I am on a MacBook Air running OSX 10.10.2. I try to connect to an HTTPS website on Firefox and I get the message

Your connection is not secure

The owner of www.google.co.il has configured their website improperly. To protect your information from being stolen, Firefox has not connected to this website.

This site uses HTTP Strict Transport Security (HSTS) to specify that Firefox may only connect to it securely. As a result, it is not possible to add an exception for this certificate.

When I click on advanced I see

www.google.co.il uses an invalid security certificate. The certificate is not trusted because the issuer certificate is unknown. The server might not be sending the appropriate intermediate certificates. An additional root certificate may need to be imported. Error code: SEC_ERROR_UNKNOWN_ISSUER

When I try to open a non-HTTPS website it seems to work and when I connect to a WiFi with a password it everything works. I have tried clearing browser caches and clearing history, turning off and back on again and using chrome.

I used Safari and I was able to bypass the error but then it tells me "העמוד אליו הגעת חסום לגלישה!" which means "The page you reached is blocked for browsing!" but it doesn't say why.

I don't have access to the router but everyone else whose computer is connected to this WiFi seems to work just fine.

  • 1
    To me it seems like there's a proxy in the middle or your data is being hijacked, and your browser is the only one new enough to notice this, but this is just a hunch... HSTS is used to enforce HTTPS, and the invalid SSL certificate on Google seems very shady! Jul 30, 2017 at 11:39
  • What network are you on when this happens? Is this a shared WiFI network? A corporate network?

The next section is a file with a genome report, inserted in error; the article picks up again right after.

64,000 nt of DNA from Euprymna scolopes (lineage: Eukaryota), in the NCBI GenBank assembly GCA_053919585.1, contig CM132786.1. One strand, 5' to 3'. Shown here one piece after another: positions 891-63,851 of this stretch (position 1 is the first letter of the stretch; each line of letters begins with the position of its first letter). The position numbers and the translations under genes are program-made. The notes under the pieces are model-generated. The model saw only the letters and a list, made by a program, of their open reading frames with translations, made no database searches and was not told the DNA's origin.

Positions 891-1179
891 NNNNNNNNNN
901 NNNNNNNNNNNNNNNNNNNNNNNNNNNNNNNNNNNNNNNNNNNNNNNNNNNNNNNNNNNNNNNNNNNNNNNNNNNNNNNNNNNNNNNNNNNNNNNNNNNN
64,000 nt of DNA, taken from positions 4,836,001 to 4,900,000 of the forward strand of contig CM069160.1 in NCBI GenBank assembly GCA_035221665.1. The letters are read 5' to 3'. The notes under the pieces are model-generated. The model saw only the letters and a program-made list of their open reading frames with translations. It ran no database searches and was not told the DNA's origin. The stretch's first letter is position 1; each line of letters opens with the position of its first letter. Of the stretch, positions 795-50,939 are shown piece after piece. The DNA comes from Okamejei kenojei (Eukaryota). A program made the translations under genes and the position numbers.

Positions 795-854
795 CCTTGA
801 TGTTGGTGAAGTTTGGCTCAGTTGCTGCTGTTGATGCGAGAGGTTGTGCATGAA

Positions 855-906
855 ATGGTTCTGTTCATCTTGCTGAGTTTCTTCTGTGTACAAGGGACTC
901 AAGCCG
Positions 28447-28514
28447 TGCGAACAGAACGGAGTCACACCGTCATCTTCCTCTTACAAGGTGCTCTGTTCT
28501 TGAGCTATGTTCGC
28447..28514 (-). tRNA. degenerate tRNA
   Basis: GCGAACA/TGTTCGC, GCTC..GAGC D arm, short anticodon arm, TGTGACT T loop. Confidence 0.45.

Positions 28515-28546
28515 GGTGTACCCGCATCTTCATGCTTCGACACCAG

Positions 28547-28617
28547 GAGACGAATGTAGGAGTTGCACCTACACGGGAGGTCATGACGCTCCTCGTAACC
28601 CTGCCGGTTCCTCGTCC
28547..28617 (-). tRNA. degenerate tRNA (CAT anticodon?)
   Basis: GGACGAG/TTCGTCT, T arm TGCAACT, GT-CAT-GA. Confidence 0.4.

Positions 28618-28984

– Josh
    Aug 4, 2017 at 13:56

1 Answer 1


The certificate is not trusted because the issuer certificate is unknown.

Given the google host, it is not very likely that the host itself is the cause of the error.

It sounds like there may be a SSL proxy, or some other form of deep packet inspection on the network.

This may be a rogue agent, or a legitimate part of the corporate network.

The idea is simple enough, each client has a root certificate installed for which the private key is known by the router or proxy. The proxy then acts as a "man in the middle" and decrypts and re-encrypts data on the secured connections. This allows the proxy to do a deep inspection of then content to and from external sources, such as https sites.

Some may argue this is a bad thing, since the proxy (and possibly whoever has access to the proxy) can now see all the data that is thought by the user to be secured end to end. Some may argue it is a good thing since the corporate can inspect and verify, and protect itself against, data leaving and coming into the network before it reaches the end point.

The other users may not be experiencing the same symptoms as you if they already have the proxy certificate source installed as a trusted CA, but the deep packet inspection is still being done.

There are many resources in the internet covering this issue, here are some of the first hits covering this;





"The page you reached is blocked for browsing!"

Given the above possibilities, I would suspect a firewall (or the proxy) is blocking you as well.

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